Racing: Sam's ready to rock n roll

By Michael Guerin

Ottley back in sulky after bad smash brings tears from frustration of being out, not pain
Samantha Ottley is a serious shot at the first group one of her driving career. Photo / ODT
Samantha Ottley is a serious shot at the first group one of her driving career. Photo / ODT

Even if the Harness Jewels provides the greatest moment of Samantha Ottley's career, she still won't be able to forget the worst - because she carries it everywhere she goes.

Ottley has a serious shot at the first group one of her driving career with Rocker Band in the opening race of the $1.2 million extravaganza at Cambridge on Saturday.

And the excitement she feels rivals the pain she had to cope with after a horror race smash at Methven in October which left her with a fractured vertebrae.

The fall, which also left top reinswoman Natalie Rasmussen with a broken arm, saw 25-year-old Ottley airlifted to hospital where she cried, not from pain but disappointment.

"I knew I was pretty badly hurt but even when I was having all the x-rays I also knew I was going to be fine long-term," says Ottley. "But when the doctor told me I was going to be away from racing for quite a while because of the injury, I had a few tears.

"I actually apologised to him for crying like that but explained that working horses and driving them at the races is all I know how to do."

The injury meant spending New Zealand Cup day on the couch instead of among the action of Addington but Ottley was back in the sulky sooner than expected, albeit with some pain.

"I ended up missing seven weeks and if I have a long day driving now my back can still be sore afterwards.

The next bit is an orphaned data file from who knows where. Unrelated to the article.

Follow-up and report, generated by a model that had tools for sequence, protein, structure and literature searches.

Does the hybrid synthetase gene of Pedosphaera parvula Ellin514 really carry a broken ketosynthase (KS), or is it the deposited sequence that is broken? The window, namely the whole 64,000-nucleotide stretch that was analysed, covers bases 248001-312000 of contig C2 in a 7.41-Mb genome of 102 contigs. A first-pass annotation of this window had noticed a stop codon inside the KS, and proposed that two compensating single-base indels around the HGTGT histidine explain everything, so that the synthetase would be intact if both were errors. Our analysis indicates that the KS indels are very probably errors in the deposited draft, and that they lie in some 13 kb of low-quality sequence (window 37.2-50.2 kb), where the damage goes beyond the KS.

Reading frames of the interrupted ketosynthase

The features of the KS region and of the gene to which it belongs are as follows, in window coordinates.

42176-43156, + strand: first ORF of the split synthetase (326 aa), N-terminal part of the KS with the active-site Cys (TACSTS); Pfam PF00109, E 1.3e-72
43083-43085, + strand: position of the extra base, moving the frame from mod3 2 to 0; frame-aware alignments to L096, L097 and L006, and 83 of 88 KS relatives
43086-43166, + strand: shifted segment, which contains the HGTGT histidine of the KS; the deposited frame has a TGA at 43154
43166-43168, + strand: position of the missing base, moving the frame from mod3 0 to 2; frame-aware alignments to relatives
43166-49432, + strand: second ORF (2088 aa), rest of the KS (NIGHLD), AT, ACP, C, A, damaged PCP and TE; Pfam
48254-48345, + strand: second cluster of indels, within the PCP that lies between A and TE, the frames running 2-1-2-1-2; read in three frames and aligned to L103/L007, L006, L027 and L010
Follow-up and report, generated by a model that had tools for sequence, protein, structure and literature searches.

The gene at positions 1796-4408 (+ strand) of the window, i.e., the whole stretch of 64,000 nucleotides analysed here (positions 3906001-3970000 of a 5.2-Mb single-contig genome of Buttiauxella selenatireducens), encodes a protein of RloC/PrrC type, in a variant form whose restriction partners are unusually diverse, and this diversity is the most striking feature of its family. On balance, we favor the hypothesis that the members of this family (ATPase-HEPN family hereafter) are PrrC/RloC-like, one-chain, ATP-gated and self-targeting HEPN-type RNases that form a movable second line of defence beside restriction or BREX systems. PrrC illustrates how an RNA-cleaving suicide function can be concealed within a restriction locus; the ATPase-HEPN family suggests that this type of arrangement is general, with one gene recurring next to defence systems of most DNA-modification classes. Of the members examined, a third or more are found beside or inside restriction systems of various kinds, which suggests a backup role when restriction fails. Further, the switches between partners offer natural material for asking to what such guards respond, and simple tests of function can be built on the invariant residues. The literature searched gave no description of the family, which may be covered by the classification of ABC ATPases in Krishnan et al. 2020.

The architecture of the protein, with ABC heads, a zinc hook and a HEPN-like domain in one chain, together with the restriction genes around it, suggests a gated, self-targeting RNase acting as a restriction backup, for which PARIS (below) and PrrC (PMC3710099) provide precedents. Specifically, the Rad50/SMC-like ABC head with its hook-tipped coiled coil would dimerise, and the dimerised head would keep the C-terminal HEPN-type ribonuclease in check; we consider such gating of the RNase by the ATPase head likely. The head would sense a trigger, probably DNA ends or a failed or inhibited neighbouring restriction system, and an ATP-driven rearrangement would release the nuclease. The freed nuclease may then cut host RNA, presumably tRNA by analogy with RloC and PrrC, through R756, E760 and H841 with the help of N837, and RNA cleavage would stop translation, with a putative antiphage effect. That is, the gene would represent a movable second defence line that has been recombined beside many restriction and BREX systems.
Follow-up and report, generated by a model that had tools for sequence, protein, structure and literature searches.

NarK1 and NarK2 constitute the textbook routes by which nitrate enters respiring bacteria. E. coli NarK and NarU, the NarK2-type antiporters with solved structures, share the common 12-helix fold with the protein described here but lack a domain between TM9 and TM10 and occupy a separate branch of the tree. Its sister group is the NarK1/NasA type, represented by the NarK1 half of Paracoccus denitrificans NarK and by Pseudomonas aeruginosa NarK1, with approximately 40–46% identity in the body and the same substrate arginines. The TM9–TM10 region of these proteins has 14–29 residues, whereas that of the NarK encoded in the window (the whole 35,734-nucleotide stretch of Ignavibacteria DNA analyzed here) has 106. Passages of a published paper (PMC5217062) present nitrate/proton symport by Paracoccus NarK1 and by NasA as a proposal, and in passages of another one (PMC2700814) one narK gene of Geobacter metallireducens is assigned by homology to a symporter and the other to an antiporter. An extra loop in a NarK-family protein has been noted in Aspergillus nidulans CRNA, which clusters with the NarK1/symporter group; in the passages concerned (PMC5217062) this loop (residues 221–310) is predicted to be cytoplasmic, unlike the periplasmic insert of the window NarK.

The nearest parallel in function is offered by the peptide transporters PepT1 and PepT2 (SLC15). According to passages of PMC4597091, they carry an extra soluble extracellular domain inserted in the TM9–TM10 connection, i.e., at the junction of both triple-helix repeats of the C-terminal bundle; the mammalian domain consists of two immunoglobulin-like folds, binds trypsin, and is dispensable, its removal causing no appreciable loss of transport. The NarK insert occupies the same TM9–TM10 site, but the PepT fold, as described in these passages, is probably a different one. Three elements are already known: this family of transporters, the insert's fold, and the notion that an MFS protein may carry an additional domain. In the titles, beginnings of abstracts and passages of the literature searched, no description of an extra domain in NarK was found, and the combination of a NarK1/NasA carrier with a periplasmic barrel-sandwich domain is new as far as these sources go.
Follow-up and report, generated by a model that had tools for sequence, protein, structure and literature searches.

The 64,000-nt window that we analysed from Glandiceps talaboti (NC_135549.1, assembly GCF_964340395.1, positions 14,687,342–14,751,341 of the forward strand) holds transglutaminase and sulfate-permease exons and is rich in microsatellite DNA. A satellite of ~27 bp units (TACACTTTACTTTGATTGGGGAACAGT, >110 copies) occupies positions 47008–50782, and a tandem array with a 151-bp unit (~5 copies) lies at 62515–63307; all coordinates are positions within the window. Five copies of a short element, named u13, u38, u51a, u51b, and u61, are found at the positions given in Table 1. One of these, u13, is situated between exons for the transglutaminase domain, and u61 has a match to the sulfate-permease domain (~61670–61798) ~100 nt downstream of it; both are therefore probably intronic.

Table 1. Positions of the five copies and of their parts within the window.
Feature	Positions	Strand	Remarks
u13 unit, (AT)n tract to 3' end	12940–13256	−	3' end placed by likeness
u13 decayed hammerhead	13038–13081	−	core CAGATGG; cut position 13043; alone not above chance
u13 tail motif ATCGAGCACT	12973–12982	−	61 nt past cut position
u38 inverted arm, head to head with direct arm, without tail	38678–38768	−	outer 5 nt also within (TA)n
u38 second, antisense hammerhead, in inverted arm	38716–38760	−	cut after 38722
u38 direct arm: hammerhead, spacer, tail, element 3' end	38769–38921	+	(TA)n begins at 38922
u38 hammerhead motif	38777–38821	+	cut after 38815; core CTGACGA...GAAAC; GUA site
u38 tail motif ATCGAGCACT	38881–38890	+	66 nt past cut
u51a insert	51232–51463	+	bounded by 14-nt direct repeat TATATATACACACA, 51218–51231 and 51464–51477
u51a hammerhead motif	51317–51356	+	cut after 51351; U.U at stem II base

"Still, I suppose that could happen to anybody and things could have been so much worse."

She returned just in time, too, with boss Mark Jones asking her to travel to Winton to partner speedster Rocker Band in early January, the start of their racetrack association.

"I had been working her on the beach so Mark gave me the drive and he and Greg [Brodie, owner] have been great about keeping me on, even when things didn't go well."

That includes Ottley's Alexandra Park debut in March when she admits she simply got lost on Rocker Band.

"It was a weird experience and I can see now how it could take a lot of drives to get used to going that way around."

Cambridge's left-handed circuit will feel far more like home for the southerner who was the first New Zealand female to drive 100 career winners while still a junior.

Rocker Band has not raced since April Fool's Day but she has looked honed at recent workouts and is drawn behind likely early leader Miss Daisy, meaning Ottley's former boss John Dunn could hold her fate in his hands.

If Dunn, driving Miss Daisy, stays in front and Rocker Band trails her to the passing lane she becomes the mare to beat, so she has been heavily backed into $5 second favouritism.

But if Dunn's opts to trail, Rocker Band and Ottley could face a hugely more complicated task.

"I'd love to think John will stay in front but I can only drive my race," says Ottley. "But it is exciting to be part of it all and I've never won a group one so to have a realistic chance is awesome."

The partner who helped Ottley through the darkest days of her career won't be among her cheer squad, with fellow driver Stevie Golding having to stay in Canterbury to look after the lesser lights for his bosses Greg and Nina Hope, who have Monbet and Enghien as Jewels favourites. "This time he will have to watch from the couch," says Ottley.

Let it roll

• Samantha Ottley suffered a horrific fall in October.
• She returned just in time to start an association with Rocker Band.
• On Saturday, the pair can win their first group one together.

- NZ Herald

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